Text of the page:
An Outsider's Perspective

Consider it a sheer gift, friends, when tests and challenges come at you from all sides. You know that under pressure, your faith-life is forced into the open and shows its true colors. So don’t try to get out of anything prematurely. Let it do its work so you become mature and well-developed, not deficient in any way.

If you don’t know what you’re doing, pray to the Father. He loves to help. You’ll get his help, and won’t be condescended to when you ask for it. Ask boldly, believingly, without a second thought. People who “worry their prayers” are like wind-whipped waves. Don’t think you’re going to get anything from the Master that way, adrift at sea, keeping all your options open.

~ James 1:2-8, The Message

If we want different results after all our attempts have failed to produce it, we must look outside ourselves for the truth.

In recovery...“You get this theme of responsibility which is saying if you don’t assume 100% responsibility for this condition, you are probably not going to get better. You can’t change the past, you can’t change other people, you can only change your own life.”

~ Quote from NACR video By the Book: Click here to view.

Turning into what you despise

One night over dinner we had an interesting discussion about power dynamics. My youngest, who is working as a barista, was lamenting the many ways he has seen customers treat baristas and other service providers over the years. He also expressed some feelings about how managers or owners of the small shops where he has worked either create a environment of safety or not, based on their capacity to lead.

Our daughter, who is a bit further up the food chain in her job, shared her perspective as it related to being a manager. Oftentimes a manager has to implement a decision that they vehemently disagreed with behind closed doors with others in higher authority. A decent manager, in her opinion, throws herself in front of the slings and arrows of the outrageous misfortune of having to present an unpopular idea to a team. She believes you protect your superiors, which means that sometimes team members blame their supervisor for decisions the supervisor doesn’t agree with. She says she learned this from her best bosses over the years. Ahhhh, perspective.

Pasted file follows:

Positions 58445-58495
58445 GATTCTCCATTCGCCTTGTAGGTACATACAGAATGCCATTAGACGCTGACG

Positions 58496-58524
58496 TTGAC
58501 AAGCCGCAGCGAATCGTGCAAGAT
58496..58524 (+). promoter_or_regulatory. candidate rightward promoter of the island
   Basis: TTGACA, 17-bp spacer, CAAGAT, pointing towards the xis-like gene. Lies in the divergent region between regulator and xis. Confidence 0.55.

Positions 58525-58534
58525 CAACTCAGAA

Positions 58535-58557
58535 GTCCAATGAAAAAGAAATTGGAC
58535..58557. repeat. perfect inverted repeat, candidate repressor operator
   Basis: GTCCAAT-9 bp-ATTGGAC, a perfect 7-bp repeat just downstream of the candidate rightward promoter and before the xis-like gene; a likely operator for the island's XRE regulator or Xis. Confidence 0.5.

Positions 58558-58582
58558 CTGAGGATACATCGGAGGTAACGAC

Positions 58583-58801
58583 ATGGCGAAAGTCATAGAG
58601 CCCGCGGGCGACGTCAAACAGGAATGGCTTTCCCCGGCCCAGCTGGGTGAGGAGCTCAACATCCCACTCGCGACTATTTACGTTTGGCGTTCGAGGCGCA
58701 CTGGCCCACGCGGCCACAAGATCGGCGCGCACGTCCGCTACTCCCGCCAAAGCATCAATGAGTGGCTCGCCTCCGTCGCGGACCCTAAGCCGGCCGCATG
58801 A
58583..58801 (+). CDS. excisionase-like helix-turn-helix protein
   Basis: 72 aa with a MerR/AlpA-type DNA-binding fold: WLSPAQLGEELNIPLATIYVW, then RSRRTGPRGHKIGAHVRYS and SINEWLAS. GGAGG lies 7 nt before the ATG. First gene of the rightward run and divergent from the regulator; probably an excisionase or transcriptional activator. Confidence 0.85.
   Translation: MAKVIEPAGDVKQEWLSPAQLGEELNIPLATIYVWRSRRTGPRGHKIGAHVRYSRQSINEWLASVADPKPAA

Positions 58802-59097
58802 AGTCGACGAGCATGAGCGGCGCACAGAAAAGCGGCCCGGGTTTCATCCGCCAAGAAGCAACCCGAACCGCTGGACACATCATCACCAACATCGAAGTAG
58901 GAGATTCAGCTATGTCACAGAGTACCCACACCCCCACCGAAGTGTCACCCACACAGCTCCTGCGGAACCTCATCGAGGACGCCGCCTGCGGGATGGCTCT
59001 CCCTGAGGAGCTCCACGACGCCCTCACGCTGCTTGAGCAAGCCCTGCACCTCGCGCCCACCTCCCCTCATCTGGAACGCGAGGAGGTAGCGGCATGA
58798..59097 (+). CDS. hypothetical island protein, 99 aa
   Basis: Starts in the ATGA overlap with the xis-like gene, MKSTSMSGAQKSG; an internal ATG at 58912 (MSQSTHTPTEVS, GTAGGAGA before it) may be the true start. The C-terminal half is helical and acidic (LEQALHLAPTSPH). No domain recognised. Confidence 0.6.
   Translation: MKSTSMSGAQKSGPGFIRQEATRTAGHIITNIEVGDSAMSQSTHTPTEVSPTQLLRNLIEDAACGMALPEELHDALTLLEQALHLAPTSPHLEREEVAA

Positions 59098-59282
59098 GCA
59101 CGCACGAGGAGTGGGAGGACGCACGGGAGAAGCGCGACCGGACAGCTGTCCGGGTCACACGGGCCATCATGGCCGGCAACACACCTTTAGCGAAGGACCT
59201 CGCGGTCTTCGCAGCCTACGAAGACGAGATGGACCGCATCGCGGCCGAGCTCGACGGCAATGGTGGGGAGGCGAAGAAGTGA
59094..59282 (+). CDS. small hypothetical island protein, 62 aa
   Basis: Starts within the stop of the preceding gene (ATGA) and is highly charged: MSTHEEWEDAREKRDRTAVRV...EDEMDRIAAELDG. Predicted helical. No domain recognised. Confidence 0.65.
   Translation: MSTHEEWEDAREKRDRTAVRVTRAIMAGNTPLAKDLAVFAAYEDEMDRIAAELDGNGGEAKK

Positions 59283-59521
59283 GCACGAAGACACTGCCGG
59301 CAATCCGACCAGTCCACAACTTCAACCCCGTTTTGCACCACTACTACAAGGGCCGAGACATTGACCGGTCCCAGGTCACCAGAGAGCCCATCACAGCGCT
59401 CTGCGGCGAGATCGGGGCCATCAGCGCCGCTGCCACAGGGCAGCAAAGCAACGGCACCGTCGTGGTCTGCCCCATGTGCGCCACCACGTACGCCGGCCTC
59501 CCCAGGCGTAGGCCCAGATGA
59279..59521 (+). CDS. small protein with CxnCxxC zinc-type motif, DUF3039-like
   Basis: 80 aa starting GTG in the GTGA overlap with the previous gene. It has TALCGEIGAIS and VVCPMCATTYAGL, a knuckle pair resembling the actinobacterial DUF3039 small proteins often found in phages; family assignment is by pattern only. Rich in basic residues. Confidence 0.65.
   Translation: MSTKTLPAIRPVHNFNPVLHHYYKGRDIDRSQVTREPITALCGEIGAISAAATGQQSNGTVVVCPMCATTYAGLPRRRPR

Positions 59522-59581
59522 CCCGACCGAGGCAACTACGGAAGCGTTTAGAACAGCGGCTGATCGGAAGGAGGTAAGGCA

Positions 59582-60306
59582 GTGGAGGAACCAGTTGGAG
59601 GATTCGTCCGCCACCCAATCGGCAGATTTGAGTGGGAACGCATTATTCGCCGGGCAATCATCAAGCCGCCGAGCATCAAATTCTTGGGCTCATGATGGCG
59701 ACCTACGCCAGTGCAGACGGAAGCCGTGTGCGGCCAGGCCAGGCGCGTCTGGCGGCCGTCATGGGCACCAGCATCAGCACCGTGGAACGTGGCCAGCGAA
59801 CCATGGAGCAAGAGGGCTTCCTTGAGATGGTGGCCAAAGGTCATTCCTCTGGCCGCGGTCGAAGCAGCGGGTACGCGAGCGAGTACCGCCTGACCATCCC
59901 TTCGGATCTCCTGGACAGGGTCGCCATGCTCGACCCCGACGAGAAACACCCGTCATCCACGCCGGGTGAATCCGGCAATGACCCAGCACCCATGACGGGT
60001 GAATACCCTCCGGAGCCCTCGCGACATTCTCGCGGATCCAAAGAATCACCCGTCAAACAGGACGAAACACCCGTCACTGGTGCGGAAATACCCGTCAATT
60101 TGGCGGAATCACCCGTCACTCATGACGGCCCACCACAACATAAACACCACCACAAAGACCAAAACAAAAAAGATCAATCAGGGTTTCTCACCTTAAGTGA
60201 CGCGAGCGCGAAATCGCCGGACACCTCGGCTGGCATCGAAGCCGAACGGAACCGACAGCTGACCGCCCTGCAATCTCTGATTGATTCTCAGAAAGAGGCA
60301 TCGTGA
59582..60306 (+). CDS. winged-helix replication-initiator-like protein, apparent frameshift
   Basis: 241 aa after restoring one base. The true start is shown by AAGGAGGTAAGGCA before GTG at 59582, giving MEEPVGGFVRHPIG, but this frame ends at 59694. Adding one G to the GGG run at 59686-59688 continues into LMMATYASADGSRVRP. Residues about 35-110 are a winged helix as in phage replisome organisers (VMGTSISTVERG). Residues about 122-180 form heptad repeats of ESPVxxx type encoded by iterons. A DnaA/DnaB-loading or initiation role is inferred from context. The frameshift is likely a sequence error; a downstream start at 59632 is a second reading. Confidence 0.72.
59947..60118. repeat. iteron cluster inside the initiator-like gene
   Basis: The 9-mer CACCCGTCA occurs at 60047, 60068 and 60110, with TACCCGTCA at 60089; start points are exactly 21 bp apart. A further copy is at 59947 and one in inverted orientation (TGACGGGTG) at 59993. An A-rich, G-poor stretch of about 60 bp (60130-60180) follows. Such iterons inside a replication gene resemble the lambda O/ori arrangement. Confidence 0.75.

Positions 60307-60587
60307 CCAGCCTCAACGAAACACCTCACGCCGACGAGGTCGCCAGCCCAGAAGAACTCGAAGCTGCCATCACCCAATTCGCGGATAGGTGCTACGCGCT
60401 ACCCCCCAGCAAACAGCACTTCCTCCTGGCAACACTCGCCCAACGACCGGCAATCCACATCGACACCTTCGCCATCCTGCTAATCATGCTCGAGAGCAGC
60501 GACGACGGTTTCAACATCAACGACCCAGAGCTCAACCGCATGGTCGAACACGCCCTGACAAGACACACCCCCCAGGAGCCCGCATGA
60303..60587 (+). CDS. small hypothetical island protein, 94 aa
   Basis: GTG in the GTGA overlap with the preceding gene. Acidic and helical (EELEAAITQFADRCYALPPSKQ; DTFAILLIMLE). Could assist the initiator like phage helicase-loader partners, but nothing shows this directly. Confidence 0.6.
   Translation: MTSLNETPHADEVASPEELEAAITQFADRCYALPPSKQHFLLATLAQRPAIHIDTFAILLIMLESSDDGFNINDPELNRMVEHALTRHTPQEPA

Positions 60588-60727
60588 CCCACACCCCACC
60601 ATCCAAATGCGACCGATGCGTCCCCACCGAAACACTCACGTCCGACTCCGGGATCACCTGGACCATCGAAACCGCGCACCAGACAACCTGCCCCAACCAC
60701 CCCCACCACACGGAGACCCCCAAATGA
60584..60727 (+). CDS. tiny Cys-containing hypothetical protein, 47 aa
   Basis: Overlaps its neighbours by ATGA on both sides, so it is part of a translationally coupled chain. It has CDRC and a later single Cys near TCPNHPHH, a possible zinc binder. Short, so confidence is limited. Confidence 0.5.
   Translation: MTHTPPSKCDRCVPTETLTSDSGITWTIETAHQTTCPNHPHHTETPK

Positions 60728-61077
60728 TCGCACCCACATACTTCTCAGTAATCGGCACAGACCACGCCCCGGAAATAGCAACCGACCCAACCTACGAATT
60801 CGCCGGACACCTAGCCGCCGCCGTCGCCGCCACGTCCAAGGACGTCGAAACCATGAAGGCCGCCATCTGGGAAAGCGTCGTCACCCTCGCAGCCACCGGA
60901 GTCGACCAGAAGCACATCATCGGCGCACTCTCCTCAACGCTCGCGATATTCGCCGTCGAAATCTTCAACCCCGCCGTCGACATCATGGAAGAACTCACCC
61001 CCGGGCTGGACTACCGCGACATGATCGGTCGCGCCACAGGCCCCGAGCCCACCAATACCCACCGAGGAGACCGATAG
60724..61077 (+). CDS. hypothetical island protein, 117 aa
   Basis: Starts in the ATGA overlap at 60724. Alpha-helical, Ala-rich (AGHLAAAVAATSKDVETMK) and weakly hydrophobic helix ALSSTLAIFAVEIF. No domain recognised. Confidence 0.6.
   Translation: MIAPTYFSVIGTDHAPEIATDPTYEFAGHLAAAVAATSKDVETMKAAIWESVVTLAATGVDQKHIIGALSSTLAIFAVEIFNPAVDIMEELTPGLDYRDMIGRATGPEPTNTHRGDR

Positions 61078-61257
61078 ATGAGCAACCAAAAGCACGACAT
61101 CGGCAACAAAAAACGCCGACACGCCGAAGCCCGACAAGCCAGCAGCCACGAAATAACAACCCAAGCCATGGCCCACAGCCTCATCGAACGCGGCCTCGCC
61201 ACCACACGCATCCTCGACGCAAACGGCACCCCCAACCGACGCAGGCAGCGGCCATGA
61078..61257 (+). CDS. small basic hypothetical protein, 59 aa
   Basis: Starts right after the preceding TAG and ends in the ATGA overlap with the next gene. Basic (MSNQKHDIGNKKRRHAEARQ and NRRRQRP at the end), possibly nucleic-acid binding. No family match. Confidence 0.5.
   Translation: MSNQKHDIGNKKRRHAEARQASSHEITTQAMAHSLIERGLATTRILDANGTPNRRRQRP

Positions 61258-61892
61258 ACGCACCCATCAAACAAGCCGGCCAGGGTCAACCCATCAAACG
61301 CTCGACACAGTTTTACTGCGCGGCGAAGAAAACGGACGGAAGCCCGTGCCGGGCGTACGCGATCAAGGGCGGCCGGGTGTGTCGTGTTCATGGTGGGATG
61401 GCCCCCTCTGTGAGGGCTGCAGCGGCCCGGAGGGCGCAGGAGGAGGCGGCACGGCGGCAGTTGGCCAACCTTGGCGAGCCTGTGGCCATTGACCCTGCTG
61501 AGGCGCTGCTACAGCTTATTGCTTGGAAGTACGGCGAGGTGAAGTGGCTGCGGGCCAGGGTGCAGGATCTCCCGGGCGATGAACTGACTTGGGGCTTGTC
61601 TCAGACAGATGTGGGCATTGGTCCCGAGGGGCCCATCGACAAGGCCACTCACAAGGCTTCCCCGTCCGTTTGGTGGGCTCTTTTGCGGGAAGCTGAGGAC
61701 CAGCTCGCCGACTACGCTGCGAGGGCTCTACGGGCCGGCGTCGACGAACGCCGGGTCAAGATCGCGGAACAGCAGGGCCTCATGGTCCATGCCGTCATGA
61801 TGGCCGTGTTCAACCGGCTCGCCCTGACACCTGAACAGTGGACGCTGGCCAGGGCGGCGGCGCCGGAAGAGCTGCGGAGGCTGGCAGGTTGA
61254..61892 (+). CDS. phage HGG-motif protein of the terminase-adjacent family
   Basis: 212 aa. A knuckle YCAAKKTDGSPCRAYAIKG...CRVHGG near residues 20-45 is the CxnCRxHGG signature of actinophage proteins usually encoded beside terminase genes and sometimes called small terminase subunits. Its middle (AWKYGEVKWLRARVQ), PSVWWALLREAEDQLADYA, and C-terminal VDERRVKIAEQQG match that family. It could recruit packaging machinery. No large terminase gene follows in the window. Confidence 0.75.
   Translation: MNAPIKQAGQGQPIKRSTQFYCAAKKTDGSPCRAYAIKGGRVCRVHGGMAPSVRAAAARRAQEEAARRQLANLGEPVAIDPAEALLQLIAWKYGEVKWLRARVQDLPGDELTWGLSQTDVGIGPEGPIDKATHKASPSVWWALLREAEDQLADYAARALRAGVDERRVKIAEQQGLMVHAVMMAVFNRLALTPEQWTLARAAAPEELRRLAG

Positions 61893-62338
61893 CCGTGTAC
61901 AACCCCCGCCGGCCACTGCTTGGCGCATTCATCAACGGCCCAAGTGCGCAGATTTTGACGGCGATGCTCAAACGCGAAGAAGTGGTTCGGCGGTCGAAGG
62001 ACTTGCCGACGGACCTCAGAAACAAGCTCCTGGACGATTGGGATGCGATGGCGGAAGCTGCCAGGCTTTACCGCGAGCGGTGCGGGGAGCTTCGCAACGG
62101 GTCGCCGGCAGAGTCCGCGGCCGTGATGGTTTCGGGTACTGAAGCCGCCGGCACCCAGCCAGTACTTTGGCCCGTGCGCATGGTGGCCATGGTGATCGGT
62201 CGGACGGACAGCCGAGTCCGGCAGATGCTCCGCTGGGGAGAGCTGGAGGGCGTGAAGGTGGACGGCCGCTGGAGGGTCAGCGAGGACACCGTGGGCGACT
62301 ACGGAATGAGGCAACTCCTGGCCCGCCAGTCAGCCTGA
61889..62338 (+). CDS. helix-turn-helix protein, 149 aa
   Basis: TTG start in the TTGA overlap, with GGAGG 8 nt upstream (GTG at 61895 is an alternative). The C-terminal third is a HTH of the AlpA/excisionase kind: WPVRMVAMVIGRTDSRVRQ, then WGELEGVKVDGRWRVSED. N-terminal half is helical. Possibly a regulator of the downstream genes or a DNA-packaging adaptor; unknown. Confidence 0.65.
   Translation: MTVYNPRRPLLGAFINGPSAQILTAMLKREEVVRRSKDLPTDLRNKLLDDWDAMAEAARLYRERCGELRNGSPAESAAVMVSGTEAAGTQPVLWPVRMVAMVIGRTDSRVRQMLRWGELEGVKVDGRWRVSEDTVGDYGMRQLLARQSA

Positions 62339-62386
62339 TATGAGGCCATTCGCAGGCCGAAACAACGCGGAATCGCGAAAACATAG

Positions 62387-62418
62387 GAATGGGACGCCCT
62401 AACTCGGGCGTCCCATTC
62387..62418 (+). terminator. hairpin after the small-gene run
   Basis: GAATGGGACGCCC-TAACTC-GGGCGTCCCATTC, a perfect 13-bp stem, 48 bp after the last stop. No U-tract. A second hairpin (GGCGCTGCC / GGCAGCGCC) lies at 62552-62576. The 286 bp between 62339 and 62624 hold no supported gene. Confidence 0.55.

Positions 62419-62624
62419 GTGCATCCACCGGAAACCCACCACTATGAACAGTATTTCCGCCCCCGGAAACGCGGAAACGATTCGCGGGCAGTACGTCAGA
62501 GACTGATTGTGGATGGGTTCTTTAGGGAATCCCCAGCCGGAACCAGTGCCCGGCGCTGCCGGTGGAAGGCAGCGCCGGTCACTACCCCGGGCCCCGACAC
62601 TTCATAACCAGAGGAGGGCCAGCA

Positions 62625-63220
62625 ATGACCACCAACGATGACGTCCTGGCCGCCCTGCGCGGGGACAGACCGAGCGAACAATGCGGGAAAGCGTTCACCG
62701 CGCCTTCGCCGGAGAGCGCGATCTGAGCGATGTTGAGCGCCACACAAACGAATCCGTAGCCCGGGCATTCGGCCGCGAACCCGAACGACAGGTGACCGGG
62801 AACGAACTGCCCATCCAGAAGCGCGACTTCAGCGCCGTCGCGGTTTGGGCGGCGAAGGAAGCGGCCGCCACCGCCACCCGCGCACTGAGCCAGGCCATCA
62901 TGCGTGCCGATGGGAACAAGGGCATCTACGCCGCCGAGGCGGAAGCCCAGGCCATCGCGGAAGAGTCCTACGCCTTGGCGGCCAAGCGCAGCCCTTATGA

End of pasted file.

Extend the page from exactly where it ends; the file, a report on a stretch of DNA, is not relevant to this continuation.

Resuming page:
Whether we are the boss or the employee, we all have an instinct about power dynamics. It’s human nature. The less power we perceive we have, the more likely we are to distrust authority. Our son, who perceives he has no power, wants the people with power to learn how to do better. Our daughter, with a teeny tiny bit more authority, ALSO feels sympathy for the authority figures who have tough calls to make.

This led to a discussion about what that looks like. I pushed my son, asking what he would do differently if he were the owner or boss. To which he said, “You know, the thing that concerns me is that I am worried I might turn into my worst boss rather than live up to the quality of my best ones. It just seems to me that power can be very corrosive; sometimes we become the person we once judged.”

Wow. Yes. As we grow and have more responsibility, maybe even a bit more authority, we might want to consider how we have automatically adopted some of the practices we hated when we had no power. Or, we can use our authority to be the boss we wanted, not necessarily the boss we were given over the years. This can be applied to parenting, in a marriage, or of course, at work.

Who are you imitating? How can you live out the way you want to be treated rather than repeat the mistakes that you criticize in others?